3.1 - Radar signatures of linear dunes and mega-yardangs
Eight representative locations were selected in the Great Sand Sea and six in the Namib Desert, in order to derive a typical radar scattering profile for Egyptian and Namibian dunes. We applied a standard calibration procedure to full resolution TerraSAR-X data to compute the backscattered radar power at each pixel (Schwerdt et al., 2010). We averaged pixels values in the direction parallel to the main orientation of the structures, in order to get a better representation of typical variations of the radar scattering across the studied structures: averaging was performed using a median estimator, so that extreme high returns due to natural corner reflectors and extreme low returns at the noise floor level (around −28 dB for TerraSAR-X) did not bias the average value. Fig. 3 shows two typical radar signatures across Egyptian and Namibian linear dunes. Egyptian dunes present three main levels of radar scattering (Fig. 3, left): a radar-bright interdune (around −15 dB) due to an exposed rough bedrock (Besler, 2008), a medium scattering level for the dune’s side facing the radar illumination (front side, around −23 dB), and a low scattering level for the dune’s side opposite to the radar illumination (back side, −30 dB and lower). Namibian dunes present a different, rather bimodal, radar signature, with a less radar-bright interdune due to a smooth sand cover (Bristow et al., 2000). Fig. 3 (right) shows a typical radar profile across a Namibian dune, where two main scattering levels can be observed: a strong radar return on the side of the dune facing the radar, can reach −10 dB (due to a lower incidence angle combined with smaller-scale structures superposed to the main dune’s shape (Lancaster, 1989). A lower scattering level, in the −25 to −30 dB range, corresponds to returns from both interdune and back side of the dune (the latter likely mixing with the interdune return when decreasing the radar image resolution). This shows that, while both dune systems in Egypt and Namibia are of the same linear type, their radar signature can be quite different due to different interdune properties. This appears quite obvious here from high-resolution radar images, but at the lower resolution (and higher noise level) of the Cassini RADAR instrument, observing these structures can become more confusing.
Figure 3: TerraSAR-X radar scattering and topography (SRTM with voids filled using GDEM) profiles across a linear dune of the Great Sand Sea in Egypt (left) and of the Namib Desert in Namibia (right). The analysed full resolution TerraSAR-X extracts are shown on top of the figure (site #4 for the Egyptian dune, at incidence angle of 23º, and site #1 for the Namibian dune, at incidence angle of 29.2º), north is up and radar illumination is from the left. Vertical axis of plots is backscattered power (in dB) or altitude (in m) while horizontal axis is the distance across the dunes (in m). Location of interdune, front side and back side of the dunes are indicated on each plot.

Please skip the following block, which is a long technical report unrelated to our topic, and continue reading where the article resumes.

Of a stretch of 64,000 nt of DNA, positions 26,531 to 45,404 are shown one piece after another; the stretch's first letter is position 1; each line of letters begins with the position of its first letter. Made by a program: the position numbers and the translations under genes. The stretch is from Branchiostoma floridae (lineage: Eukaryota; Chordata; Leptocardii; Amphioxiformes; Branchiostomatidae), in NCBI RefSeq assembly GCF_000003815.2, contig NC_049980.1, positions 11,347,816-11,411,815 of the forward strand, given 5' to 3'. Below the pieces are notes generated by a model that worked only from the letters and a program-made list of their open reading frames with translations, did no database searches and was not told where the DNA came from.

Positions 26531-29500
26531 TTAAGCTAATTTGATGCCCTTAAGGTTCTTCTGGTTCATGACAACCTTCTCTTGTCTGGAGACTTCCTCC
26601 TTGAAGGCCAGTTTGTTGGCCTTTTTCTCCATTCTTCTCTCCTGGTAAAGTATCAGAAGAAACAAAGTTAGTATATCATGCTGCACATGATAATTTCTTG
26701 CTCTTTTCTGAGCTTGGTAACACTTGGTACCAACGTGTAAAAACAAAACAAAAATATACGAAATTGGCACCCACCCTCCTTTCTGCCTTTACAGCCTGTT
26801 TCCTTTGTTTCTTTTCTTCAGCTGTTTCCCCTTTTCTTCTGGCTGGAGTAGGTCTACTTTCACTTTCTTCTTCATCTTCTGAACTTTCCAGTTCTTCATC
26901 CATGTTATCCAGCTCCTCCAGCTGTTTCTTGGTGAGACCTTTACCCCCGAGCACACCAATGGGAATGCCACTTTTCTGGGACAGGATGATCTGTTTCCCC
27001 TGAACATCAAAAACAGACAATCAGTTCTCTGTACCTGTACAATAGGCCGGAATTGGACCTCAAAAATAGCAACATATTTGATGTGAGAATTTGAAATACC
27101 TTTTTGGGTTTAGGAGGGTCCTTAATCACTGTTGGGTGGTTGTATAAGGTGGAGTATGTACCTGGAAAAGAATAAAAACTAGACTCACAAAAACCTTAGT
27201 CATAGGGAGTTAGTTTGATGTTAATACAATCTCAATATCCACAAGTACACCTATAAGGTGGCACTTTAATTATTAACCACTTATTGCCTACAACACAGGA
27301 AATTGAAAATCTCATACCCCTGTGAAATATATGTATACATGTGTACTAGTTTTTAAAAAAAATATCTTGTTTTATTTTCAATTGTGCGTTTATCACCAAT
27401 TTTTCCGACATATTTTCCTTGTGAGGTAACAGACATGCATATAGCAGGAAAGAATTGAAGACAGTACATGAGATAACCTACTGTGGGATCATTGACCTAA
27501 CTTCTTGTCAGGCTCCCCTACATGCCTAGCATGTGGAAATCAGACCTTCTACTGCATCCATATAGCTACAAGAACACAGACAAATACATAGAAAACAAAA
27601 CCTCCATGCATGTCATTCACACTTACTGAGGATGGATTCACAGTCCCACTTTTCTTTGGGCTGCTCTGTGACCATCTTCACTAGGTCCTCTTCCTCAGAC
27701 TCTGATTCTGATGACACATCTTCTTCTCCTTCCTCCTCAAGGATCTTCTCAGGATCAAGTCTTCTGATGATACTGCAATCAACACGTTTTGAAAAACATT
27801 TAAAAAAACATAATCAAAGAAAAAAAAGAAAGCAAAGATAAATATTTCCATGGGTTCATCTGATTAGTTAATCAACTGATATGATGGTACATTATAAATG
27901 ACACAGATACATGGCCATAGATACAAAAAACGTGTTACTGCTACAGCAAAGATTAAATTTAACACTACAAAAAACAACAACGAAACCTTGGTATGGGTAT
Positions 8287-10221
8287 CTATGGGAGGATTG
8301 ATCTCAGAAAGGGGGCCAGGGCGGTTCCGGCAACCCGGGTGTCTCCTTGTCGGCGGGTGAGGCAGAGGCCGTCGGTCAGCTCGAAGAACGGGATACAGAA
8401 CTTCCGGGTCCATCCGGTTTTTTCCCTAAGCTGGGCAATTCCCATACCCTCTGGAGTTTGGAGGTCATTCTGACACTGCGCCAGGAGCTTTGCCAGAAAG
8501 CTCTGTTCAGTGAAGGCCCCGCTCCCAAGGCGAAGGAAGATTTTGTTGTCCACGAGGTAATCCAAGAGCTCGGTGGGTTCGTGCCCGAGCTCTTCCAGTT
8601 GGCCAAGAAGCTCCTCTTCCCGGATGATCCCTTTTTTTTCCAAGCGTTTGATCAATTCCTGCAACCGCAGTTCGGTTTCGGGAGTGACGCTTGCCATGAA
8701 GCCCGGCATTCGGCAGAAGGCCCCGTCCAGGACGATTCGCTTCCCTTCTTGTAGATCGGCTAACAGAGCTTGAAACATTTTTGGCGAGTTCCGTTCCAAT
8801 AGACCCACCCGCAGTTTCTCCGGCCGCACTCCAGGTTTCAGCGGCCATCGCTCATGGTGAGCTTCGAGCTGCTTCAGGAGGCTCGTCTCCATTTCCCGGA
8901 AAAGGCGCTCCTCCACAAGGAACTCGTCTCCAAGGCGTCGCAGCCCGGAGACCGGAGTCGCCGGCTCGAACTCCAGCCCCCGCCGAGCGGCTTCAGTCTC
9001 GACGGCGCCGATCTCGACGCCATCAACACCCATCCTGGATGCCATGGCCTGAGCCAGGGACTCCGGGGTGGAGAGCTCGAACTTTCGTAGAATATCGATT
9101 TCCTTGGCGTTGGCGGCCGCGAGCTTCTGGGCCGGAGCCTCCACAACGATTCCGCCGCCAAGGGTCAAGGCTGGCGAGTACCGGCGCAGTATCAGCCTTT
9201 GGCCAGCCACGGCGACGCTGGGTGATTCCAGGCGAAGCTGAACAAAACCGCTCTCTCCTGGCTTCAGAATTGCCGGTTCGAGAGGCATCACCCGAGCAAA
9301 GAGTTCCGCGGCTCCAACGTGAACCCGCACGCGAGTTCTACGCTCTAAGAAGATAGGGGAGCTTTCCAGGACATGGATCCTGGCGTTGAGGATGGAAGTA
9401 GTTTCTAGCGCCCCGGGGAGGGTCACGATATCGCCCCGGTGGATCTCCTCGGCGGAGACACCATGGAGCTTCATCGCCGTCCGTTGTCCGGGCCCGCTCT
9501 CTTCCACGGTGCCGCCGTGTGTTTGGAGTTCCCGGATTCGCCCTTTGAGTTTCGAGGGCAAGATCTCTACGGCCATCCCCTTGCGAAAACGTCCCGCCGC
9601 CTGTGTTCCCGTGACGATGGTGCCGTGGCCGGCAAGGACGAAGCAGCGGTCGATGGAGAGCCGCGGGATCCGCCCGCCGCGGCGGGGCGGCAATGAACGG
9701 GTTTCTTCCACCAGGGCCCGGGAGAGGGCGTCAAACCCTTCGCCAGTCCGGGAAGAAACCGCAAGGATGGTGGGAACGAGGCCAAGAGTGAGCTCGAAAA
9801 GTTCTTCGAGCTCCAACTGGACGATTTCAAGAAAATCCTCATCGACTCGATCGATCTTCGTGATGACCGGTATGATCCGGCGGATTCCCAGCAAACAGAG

Regarding mega-yardangs, we studied five representative locations in the Lut Desert and also five in the Borkou Desert, to derive typical radar profiles for young and older mega-yardangs. As before, we averaged the pixel values in the direction parallel to the main orientation of the structures using a median estimator. Fig. 4 presents two typical radar signatures across Iranian and Chadian yardangs. The young mega-yardangs in Iran (Fig. 4, left) show a high spatial frequency alternation of the high scattering level from the rough crests of the eroded layer (>−10 dB) and the medium-scattering level from narrow and shallow valleys (around −15 dB). This alternation is cut in places by regions of low radar return (<−25 dB), due to deeper eroded valleys filled with smooth aeolian deposits (Gabriel, 1938). The older mega-yardangs in Chad present a different, more bimodal radar signature (Fig. 4, right), with alternation of radar-bright level from wider and flatter crests (around −10 dB, less radar-bright than the Iranian ones likely because a longer period of erosion produced a smoother surface), and low-scattering level due to larger erosion valleys (<−25 dB), which are likely to be filled with aeolian sand deposits. As for linear dunes, the two mega-yardangs structures, of different age and created in different types of rocks, exhibit differences in their radar signature. However, it is apparent that mega-yardangs in general are more radar-bright than linear dunes, since we observe about 10 dB difference in the average backscattered power. This is likely due to the strong radar return of the rougher and wider yardangs’ crests, compared with a lower overall signal returned by the smoother sandy surfaces of dunes.
Figure 4: TerraSAR-X radar scattering and topography (SRTM with voids filled using GDEM) profiles across mega-yardangs of the Lut Desert in Iran (left) and of the Borkou Desert in Chad (right). The analysed full resolution TerraSAR-X extracts are shown on top of the figure (site #1 for Iranian yardangs, at incidence angle of 33.6º, and site #5 for Chadian yardangs, at incidence angle of 33.5º), north is up and radar illumination is from the left. Vertical axis of plots is backscattered power (in dB) or altitude (in m) while horizontal axis is the distance across the yardangs (in m). Location of valleys and crests are indicated on each plot.